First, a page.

Friday, 29 June 2012

The sole of simplicity

It is summer. No, you wouldn’t know it some of the time, – quite a lot of the time – as the rain continues to fall in almost Biblical volume.

The weather has been so crazy that, in the last 24 hours, train routes between England and Scotland are at a standstill because of landslides on both east and west coast lines.

Which does raise the question of whether God is an Englishman blocking off Scotland – or a Scot blocking off England.

But in the south east of England at least, it is warm – albeit often a close warmth; not pleasant, but sweaty and oppressive.

Combine that with my annual state of post-conference kanckeredness and you have, if not a recipe for disaster, than a recipe for not knowing what the recipe should be.

The Jersey Royals seem to have ended – and I’m not sure about the English asparagus.

The garden isn’t ready yet to harvest enough that it makes menu choices for me.

So it’s what I now recognise as an annual situation: sitting down and wondering, with enthusiasm that’s blurred around the edges, just what I want to cook and eat.

The answer usually has total simplicity at its heart.

Last weekend, as I wended my way along Broadway Market, a quick glance revealed that Vikki had a small number of slip soles on the ice. Now they’re supposed to be small, but these were hardly tiny.

The Other Half is not overly fond of being served fish whole – his usual explanation is that it’s awkward to deal with when there are loads of other things on your plate.

Looking at those delicate soles, though, there was no way that I was going to have them filleted. So what to do?

A solution gradually took on coherent shape. And it was Italian in form.

First up – a minestrone. Okay – not a strictly accurate Genovese version, as there was no lard at the base and no pancetta either.

But given that, in reality, there are probably as many different versions of minestrone as there are people who have ever made it, variations seem to be entirely in keeping with the sense of the dish.

It began, as it should, with a sofritto. Onion, garlic, celery and carrot, chopped and sliced finely and then cooked gently in olive oil for around 10 minutes. This is simply the Italian form of the French mirepoix.

After that, a big squirt of tomato purée, loads of ground black pepper, a tin of decent quality tomatoes in their own juice (and with that juice rinsed out of the can and into the pan) and a couple of potatoes, peeled but left whole.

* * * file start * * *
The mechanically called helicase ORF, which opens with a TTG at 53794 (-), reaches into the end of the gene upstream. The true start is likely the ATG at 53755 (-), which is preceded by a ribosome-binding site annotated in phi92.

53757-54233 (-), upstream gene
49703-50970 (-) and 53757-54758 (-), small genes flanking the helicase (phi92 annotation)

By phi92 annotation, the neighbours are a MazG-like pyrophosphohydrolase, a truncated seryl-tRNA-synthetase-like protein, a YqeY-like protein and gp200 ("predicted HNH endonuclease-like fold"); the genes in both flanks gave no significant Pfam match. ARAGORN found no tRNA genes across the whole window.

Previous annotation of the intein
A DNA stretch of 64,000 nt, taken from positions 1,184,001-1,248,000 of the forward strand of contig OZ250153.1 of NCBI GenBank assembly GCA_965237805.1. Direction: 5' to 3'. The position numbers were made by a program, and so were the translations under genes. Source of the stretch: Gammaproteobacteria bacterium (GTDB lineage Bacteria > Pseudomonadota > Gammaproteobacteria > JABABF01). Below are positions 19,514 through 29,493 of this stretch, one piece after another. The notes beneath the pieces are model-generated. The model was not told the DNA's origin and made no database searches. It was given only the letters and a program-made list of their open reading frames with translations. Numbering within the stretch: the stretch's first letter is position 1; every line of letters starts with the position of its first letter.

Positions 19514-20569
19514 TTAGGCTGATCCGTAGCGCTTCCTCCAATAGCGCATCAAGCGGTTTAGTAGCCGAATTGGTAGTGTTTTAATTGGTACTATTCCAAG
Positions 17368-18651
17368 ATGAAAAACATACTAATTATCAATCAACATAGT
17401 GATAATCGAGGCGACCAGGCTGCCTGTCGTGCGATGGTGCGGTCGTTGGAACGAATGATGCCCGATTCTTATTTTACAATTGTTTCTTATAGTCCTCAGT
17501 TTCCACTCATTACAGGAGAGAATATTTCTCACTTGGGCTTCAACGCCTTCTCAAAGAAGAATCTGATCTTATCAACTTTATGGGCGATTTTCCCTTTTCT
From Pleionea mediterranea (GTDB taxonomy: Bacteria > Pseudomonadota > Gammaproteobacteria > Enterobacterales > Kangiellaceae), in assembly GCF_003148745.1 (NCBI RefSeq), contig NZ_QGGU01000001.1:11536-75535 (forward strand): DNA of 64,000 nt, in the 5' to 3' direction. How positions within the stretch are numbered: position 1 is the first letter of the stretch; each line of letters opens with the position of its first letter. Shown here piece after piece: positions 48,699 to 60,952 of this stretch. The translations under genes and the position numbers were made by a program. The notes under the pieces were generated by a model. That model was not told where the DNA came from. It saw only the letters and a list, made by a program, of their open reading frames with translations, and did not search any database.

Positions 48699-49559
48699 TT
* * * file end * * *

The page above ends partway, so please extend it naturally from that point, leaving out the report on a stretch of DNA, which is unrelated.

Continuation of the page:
And then you need to add some stock. Now because I hadn’t been planning this, there wasn’t time to defrost some of my own stock.

I’d been looking for a store cupboard stock for just such circumstances – one that doesn't have a stack of additives and chemicals, but also one that that doesn't include palm oil, the farming and harvesting of which is seriously threatening the survival of the orangutan by devastating the habitat they live in.

So it’s thanks to Diana, who had read of my concerns in an earlier post and knew the solution.

Kallo’s Just Bouillon vegetable stock cubes fit the bill.

The ingredient list reads thus:

Hydrolysed Vegetable Protein (contains Soya), Sea Salt, Vegetable Fat, Potato Starch, Carrots (3%), Onion (2.5%), Tomato (1.5%), Sugar, Spices (Mace, Celery Seeds, Pepper), Lovage.

It beats the very similar Marigold Bouillon on the basis of having no palm oil – and it’s about 10p cheaper per 100g too. Since it also tastes okay, this is a win-win option.

And then all you do is cover the pan and leave it to simmer gently for a couple of hours, stirring occasionally.

After that, if the potatoes haven’t broken up, give them a little help with a fork.

This is the point at which you add the dried spaghetti, broken into small pieces. The packet said that the cooking time is about nine minutes.

But because it’s not in boiling water, but in simmering stock (and tomato juice etc) it will take longer. I gave it an initial 15 minutes, cooked with some fine beans and sliced courgette, both of which would also have needed less time if in boiling water.

After that, podded peas and broad beans went in and were given about seven minutes – again, longer than if simply being boiled.

And that was that – served with a drizzle of my best virgin oil, a dollop of pesto and a sprinkling of grated Parmesan (not for The Other Half, of course), we had a very substantial, tasty – and healthy – starter.

The second course was then simplicity itself: the soles, brushed with olive oil and cooked under a hot grill for approximately four minutes a side, served with a piece of lemon and a garnish of the first samphire of the summer.

Desert was even easier and simpler: after a week away, just enough strawberries had reached perfect ripeness to give us a portion each.

When they’re as fresh as that, you don’t need anything else with them.

With some of that, it almost felt like a cheat to call it cooking.

No comments:

Post a Comment